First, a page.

President Trump Announces Aid for Farmers
The subsidies will be available to producers of row crops and livestock
Export Sales Announcement
- Private exporters reported to the U.S. Department of Agriculture export sales of 113,000 metric tons of corn for delivery to Mexico during the 2018/2019 marketing year.
President Trump Announces $16 Billion Of Aid For Farmers
- On Thursday, May 23, the USDA announced their famer aid program which allocates $16 billion of subsidies to the U.S. farmer to help provide relief from retaliatory tariffs.
- The subsidies are available to producers of row crops, livestock and other agricultural commodities that have been impacted by tariffs from China, EU and Turkey.
- The $16 billion will be dispersed in three tranches. The first tranche will begin in late July/early August, as soon as practical after Farm Service Agency crop reporting is completed by July 15th. If conditions warrant, the second and third tranches will be made in November and early January.
- The USDA’s payment formula to determine which areas have suffered the most economic damage was not made public.
- But, the government did say that farmers “will receive a payment based on a single county rate multiplied by a farm’s total plantings to those crops in aggregate in 2019.”
- What It Means For The US Farmer: President Trump’s announcement should be viewed positively for the American farmer. While the compensation formula is undefined, at FBN we believe that the row crop producers will benefit from the cash payment. For the moment the government’s statement does bring more questions than answers. As the government provides more information about the program FBN will communicate these facts. Please contact your local FBN farm market advisor with any questions about the USDA’s program.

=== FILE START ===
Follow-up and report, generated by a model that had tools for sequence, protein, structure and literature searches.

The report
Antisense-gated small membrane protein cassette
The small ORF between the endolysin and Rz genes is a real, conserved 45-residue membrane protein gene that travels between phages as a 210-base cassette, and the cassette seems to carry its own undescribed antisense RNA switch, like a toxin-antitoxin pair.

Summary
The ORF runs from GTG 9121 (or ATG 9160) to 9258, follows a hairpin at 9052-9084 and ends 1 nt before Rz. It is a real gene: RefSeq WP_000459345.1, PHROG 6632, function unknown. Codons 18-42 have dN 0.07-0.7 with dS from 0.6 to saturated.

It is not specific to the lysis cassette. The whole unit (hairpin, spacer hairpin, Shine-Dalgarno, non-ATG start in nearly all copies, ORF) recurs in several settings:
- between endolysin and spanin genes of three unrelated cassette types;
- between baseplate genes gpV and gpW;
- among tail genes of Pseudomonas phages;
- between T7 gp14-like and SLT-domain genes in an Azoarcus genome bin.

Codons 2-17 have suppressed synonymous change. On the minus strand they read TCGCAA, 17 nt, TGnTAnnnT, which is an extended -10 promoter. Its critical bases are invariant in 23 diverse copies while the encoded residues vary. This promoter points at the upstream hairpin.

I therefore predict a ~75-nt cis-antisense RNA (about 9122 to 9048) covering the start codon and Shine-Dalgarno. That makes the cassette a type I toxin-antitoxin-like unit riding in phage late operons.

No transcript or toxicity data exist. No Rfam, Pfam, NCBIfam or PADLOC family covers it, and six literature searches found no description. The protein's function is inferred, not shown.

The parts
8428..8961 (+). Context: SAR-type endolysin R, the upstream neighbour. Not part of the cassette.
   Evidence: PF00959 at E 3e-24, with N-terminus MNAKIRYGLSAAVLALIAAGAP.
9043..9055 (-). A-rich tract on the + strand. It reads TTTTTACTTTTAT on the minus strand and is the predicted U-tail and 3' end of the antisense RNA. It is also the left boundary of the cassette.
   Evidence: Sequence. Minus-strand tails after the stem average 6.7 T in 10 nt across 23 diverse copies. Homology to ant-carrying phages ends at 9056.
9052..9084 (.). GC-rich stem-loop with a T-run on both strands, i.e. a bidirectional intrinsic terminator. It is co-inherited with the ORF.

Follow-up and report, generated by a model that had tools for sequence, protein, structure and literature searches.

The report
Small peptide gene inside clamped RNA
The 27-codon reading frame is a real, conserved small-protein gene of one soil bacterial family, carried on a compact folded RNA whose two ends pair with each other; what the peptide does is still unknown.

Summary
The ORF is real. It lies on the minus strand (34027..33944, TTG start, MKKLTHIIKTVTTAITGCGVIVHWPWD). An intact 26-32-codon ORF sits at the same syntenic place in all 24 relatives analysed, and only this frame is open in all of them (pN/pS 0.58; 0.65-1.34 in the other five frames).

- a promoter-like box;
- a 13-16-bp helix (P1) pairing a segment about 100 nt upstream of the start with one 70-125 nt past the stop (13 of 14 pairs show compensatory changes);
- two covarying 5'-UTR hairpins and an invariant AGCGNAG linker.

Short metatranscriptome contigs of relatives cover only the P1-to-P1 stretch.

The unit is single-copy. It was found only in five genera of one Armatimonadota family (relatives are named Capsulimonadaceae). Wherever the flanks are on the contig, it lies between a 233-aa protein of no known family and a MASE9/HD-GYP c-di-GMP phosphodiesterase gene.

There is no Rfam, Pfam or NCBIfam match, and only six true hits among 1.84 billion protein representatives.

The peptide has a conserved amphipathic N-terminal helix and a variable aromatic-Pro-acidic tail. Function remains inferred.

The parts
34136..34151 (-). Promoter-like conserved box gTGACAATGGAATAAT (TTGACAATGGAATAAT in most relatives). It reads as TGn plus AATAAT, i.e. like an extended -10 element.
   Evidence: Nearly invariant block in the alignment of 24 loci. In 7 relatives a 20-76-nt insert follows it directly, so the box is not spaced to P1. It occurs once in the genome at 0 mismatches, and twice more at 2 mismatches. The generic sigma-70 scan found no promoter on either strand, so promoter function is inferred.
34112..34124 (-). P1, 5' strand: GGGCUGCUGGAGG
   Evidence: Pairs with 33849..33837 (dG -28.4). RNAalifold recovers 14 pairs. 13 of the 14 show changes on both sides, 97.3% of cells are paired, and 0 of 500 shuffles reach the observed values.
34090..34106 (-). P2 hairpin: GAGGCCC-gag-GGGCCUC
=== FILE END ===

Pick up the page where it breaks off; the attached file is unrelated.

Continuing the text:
EPA To Release Relaxed Biofuel Credit Reform
- The Environmental Protection Agency (EPA) plans to unveil a relaxed version of its proposed biofuel credit market reform after regulators concluded many of the agency’s initial ideas required more time to study.
- The U.S. Renewable Fuel Standard requires refineries to blend biofuels into their gasoline and diesel each year, or purchase credits, called RINs, from those who do.
- The policy has helped farmers by creating a 15 billion gallon-a-year market for corn-based ethanol, but refiners have increasingly complained that compliance costs them a fortune – particularly when RIN prices are high and volatile.
- The EPA’s initial plan to reform the RIN market, would have barred trading by non-industry players, publicized large positions, improved price transparency, imposed limits on credit “hoarding,” and provided the EPA with increased market-monitoring powers.
- What It Means For The US Farmer: At FBN we believe that the EPA’s structural overhaul of the RIN market has the ability to provide greater consistency to the production process. At FBN we also believe that by providing additional clarity to the RIN market and reducing speculative trading in the secondary market can provide a more consistent demand for cash inputs like corn and soybean oil. Additionally we believe that greater consistency can be a benefit to the farmer.
The risk of trading futures, hedging, and speculating can be substantial. FBN BR LLC (NFA ID: 0508695)